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Intel's new Viiv platform has arrived, but the revolution in PC system design it was supposed to spark is still a ways off.
Digital Connect Labs engineers reviewed Viiv PCs from Hewlett-Packard and custom-system builders Nor-Tech, ZLife and Digital Home PC. The platform includes admirable innovations, but PCs need to be better designed to take advantage of them.
The standards list Intel developed for Viiv PCs offers a strong base for multimedia PCs: every Viiv PC must include Windows XP Media Center Edition 2005 Update Rollup 2; an Intel Core Duo, Pentium D or Pentium Extreme Edition processor; the Intel 945G, 955X or 975X Express chipset; RAID storage and a Serial ATA hard drive. These standards, backed by the hundreds of millions of dollars Intel is expected to spend evangelizing the platform, should provide significant benefits for integrators and help drive the technology into the mainstream market.
The platform also brings strong technological improvements to Media Center PCs that should help integrators put them as vital pieces of home integrations. Viiv computers include instant on/off capabilities, which don't completely turn off the PC but instead put it into a standby mode so it can still record TV shows and perform other passive activities. Intel also included robust transcoding capabilities in the platform, to allow video and audio content to easily move between devices and be displayed at optimal resolution. The platform supports up to 7.1-channel surround sound.
While these technical benefits are in place, it will take a significant amount of time for the market to make the best use of them. For example, one major goal of Viiv is to help system builders develop slimmer and sleeker PCs that more closely resemble CE devices. But the four units reviewed here all use pre-Viiv designs and therefore are still too big and look too much like computers to be a hit in the home. The units also display many of the same problems and design flaws found in pre-Viiv editions.
Another of Intel's goals for Viiv is to offer a strong digital rights management system for convenient access and sharing of content, but that feature is not expected to be completed until later this year. Intel is working with content providers to offer Viiv-optimized video and audio content, and is also collaborating with manufacturers of non-PC devices, such as wireless routers, displays, speakers and networked storage products, to ensure compatibility with Viiv PCs. Once the devices start to become available in a few months, they should significantly reduce the headaches that integrators face when installing and optimizing home systems.
The upshot for integrators is that Viiv will offer significant benefits down the road, but they shouldn't invest heavily in the platform until more of the pieces are in place and manufacturers catch up and improve their designs.
HP Pavilion Media Center TV m7360n PC
Digital Connect engineers have reviewed several Media Center PCs from HP, Palo Alto, Calif., all of which are well built and perform exceptionally. The vendor offers two Media Center PC designs, one resembling a DVD player and the other in a tower design. The former is much more appropriate for a home multimedia setting. The m7360n PC has a tower design, and it is surprising that HP chose this design for its first Viiv PC.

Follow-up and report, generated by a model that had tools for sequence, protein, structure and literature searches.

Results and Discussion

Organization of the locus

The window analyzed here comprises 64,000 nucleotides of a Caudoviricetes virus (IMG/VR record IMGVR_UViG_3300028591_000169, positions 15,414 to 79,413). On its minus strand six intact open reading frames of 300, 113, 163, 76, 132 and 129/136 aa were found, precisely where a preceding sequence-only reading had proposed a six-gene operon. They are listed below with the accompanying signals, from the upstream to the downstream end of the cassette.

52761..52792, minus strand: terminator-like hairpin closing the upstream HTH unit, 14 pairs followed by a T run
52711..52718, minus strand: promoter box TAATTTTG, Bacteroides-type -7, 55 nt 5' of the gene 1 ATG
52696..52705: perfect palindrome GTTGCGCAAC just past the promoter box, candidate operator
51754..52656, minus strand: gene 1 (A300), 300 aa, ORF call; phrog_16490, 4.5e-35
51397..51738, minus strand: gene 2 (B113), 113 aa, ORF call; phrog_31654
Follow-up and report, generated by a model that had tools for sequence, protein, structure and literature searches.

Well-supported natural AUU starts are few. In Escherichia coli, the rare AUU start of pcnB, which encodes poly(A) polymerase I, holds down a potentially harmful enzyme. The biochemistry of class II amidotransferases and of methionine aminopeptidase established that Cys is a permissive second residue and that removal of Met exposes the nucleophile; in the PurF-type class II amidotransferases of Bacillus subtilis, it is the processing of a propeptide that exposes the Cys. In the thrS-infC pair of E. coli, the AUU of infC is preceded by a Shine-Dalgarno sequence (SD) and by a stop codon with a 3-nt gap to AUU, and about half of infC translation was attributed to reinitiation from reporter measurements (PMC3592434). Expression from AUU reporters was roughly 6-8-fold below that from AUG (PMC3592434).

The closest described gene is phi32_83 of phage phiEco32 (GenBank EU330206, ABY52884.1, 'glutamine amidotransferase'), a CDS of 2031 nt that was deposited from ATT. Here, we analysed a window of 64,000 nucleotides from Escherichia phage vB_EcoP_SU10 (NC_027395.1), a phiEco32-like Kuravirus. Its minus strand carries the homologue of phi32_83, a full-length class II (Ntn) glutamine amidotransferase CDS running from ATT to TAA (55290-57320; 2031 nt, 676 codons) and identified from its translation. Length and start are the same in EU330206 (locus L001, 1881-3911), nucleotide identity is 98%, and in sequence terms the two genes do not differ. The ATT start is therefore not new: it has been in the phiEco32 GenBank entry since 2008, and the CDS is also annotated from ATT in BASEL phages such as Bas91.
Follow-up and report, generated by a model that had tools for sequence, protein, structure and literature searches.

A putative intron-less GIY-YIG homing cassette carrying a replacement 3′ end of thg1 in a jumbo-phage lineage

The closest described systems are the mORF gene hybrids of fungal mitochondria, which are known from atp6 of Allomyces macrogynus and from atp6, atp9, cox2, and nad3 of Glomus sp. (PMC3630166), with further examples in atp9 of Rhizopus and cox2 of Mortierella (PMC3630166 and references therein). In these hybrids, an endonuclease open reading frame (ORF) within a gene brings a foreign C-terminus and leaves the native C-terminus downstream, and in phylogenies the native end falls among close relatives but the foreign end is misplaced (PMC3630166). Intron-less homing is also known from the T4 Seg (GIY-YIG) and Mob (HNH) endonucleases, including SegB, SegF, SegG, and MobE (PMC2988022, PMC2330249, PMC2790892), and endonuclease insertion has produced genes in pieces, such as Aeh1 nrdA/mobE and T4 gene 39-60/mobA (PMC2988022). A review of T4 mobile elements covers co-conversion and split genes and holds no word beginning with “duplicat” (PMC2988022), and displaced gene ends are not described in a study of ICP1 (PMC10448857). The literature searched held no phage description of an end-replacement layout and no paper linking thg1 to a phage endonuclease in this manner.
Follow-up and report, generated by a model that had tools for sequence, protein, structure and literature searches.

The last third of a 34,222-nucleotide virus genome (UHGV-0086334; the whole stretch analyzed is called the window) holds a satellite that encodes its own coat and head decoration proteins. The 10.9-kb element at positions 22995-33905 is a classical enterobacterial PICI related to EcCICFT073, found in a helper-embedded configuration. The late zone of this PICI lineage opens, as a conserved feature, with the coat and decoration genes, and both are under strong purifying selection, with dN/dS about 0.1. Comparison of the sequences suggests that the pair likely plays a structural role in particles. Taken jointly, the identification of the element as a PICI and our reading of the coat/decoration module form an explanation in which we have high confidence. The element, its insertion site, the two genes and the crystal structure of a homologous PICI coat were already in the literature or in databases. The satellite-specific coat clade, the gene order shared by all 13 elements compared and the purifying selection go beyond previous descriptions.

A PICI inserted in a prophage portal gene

Integrators can order the series in preconfigured designs from www.hpshopping.com or design their own systems on the site. Custom-designed units take several weeks longer to be built than pre-configured, but the ability to customize the units offers enough benefits for integrators to make the wait worthwhile. The site also offers numerous free upgrades for custom-built units, which at press time included an upgrade to a DVD Writer and 1-Gbyte memory upgrade.
Digital Connect reviewed a pre-configured unit. Prices start at $899, and the review unit cost $1,199 (or $1,149 after a mail-in rebate), making it by far the least expensive product in this review.
Digital Connect reviewers have always been impressed with the connectivity options and ports on HP's units, and this one is no exception. Conveniently accessible on the front of the PC is a 9-in-1 memory card reader. Hidden behind a front door are two USB 2.0 ports, one 1394/FireWire port, connections for computer-style headphones and microphone, and inputs for S-Video, Composite Video and left and right audio. A bay for a portable HP Personal Media Drive is also on the front, along with a CD writer and a DVD-ROM drive. The M7360n is the only unit in this review to include two drives, a useful option.
The rear of the unit has four USB 2.0 ports, one FireWire port and Ethernet, digital audio in and out, radio and PS/2 connections. It includes only one NTSC TV Tuner, although a second is available for $60. Integrators should seriously consider the upgrade, as it will let customers watch one program while recording another. A VGA connector is included, but the unit lacks a DVI connector; 802.11b/g connectivity is built-in.
The PC includes HP's Media Center remote control, which is one of the best-designed remote controls, along with an HP wireless optical mouse and wireless keyboard. The mouse and keyboard each have their own external USB receiver; they should have been included inside the case to reduce clutter as with previous Media Center PCs.
The unit is powered by a dual-core 2.8GHz Pentium D 920 processor, and it has a 300-Gbyte 7,200-rpm SATA hard drive, a 800MHz front-side bus and 2 Gbytes of DDR2 SRAM memory. One side of the case removes easily by loosening two thumbscrews. There is plenty of space inside to upgrade the system.
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